NAACP Mourns Passing of Rupert Richardson Past President & National Board Member

National Board of Directors member and President Emeritus Rupert F. Richardson, the much loved “Grand Dame” of the NAACP, died unexpectedly yesterday while decorating her new home with friends in Baton Rouge. She was 78. The NAACP extends its sincerest sympathy and support to the family of this civil rights lioness.

Rupert F. Richardson

Richardson was a former national NAACP president, serving from 1992 to1995. She held a vice presidency position in the NAACP from 1984 to 1991 and had a 16-year tenure as president of the Louisiana State Conference of the NAACP.

Known for her elegance, grace and fanciful hats, Richardson was one of the longest serving national board members, was well respected and widely regarded as an expert on Robert's Rules of Order and NAACP policy. She also chaired the NAACP Health Committee, a position she held since 1999.

“Rupert Richardson served the NAACP in many, many capacities; but she will be best remembered as a tireless crusader for justice in Louisiana,” said NAACP National Board of Directors Chairman Julian Bond.

Until her death, Richardson was a member of the NAACP Special Contribution Fund Board of Trustees. She was first elected to the NAACP National Board of Directors in 1981. Other positions she held within the NAACP over the years included national Life Membership Chair, president and treasurer of the Crisis and member of the NAACP National Housing Corporation Board.  

“Rupert was selfless in the sacrifices she made on behalf of the less fortunate and disenfranchised,” said NAACP Interim President & CEO Dennis Courtland Hayes. “The African American community and the NAACP are today a bit poorer because of her passing.”

Richardson's passion was healthcare. In the late 1990s, she served for a time under then Louisiana Department of Health and Hospitals Secretary Bobby Jindal, the state’s current governor. Her professional career in Louisiana state government spanned nearly 30 years with positions in health and employment agencies. She started her own healthcare consulting firm in 1994 after retiring as the state’s Deputy Assistant Secretary for Alcohol and Drug Abuse.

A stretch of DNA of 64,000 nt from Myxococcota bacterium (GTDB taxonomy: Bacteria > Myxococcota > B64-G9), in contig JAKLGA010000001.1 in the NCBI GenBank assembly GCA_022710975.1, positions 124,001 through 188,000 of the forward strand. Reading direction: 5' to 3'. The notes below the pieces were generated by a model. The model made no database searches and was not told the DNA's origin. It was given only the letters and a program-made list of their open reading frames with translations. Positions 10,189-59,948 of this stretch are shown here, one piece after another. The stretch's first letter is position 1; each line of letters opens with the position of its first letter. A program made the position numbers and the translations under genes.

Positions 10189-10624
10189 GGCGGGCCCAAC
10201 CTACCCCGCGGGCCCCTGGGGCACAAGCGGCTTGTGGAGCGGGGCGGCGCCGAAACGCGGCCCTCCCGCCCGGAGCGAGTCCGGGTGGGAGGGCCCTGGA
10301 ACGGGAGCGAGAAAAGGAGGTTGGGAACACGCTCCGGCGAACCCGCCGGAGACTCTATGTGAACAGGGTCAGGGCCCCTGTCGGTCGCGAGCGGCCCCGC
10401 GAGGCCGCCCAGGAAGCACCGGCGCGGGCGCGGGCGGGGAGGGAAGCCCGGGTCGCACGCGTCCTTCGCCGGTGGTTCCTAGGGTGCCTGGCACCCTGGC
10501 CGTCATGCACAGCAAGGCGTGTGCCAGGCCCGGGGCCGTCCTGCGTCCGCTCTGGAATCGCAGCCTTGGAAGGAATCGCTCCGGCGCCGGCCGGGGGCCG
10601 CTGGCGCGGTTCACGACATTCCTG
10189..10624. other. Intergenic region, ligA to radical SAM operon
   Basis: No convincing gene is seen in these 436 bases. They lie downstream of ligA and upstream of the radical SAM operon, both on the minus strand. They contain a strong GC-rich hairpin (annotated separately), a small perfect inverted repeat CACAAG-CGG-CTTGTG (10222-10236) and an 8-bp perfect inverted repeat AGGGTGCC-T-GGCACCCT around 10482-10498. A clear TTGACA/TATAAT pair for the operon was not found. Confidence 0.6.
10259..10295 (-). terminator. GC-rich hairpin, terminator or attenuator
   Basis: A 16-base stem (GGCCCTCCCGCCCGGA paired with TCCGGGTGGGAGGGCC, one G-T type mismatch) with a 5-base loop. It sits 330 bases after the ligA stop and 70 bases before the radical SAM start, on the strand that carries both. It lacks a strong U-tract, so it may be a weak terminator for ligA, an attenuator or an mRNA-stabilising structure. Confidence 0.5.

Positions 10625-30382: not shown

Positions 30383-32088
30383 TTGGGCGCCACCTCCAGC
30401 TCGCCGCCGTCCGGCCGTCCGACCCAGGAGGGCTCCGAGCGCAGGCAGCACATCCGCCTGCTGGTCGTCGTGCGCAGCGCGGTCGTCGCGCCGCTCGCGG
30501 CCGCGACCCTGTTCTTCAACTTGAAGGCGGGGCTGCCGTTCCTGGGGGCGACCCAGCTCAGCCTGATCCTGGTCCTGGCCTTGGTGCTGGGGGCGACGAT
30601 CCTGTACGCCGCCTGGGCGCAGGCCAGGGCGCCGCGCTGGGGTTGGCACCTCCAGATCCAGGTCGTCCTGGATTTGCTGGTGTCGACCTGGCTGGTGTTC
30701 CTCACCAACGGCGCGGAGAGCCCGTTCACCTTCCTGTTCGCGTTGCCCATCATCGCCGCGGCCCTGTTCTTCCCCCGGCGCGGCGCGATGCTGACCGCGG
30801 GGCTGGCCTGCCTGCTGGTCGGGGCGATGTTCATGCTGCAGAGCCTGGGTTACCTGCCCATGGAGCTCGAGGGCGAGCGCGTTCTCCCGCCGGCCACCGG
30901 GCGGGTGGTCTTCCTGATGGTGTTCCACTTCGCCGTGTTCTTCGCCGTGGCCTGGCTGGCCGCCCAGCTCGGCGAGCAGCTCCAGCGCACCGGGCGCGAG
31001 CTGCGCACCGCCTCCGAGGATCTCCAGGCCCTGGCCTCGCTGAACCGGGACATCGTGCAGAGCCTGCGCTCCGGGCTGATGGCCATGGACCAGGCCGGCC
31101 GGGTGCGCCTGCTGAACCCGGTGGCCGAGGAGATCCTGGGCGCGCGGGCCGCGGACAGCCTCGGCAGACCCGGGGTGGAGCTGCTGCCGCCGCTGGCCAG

Richardson’s other community work included serving 16 years on Louisiana’s Commission on Human Rights, the Louisiana Advisory Committee to the U.S. Commission on Civil Rights, the advisory board of the Louisiana State University School of Social Welfare and the Governor’s Council for Drug Free Schools.   

“This is a great loss spiritually and physically,” said NAACP Louisiana State Conference President Ernest L. Johnson who had spoken with Richardson just two hours before her passing. The pair began working together in 1983 when they filed a lawsuit to change the state public schools’ superintendent selection process. “She will be greatly missed,” Johnson added. “We endured a lot of good fights and had plans to continue our efforts at improving the living conditions in Louisiana.”

Richardson and Johnson were coordinating ‘The Black Assembly,’ a gathering of African American officials and community leaders from across Louisiana expected to draw 500 activists and policymakers to the Southern University Law Center tomorrow.

Richardson earned her bachelor’s degree from Southern University and her master’s in counseling and psychology from McNeese State University. A member of Alpha Kappa Alpha Sorority, Inc. and the Coalition of 100 Black Women, she attended Shiloh Baptist Church in Baton Rouge.

Richardson was a mother and grandmother. Arrangement details are forthcoming. However services and celebrations of her life will take place late next week in Baton Rouge and in her hometown of Lake Charles, LA.

Founded in 1909, the NAACP is the nation's oldest and largest civil rights organization. Its members throughout the United States and the world are the premier advocates for civil rights in their communities, conducting voter mobilization and monitoring equal opportunity in the public and private sectors.

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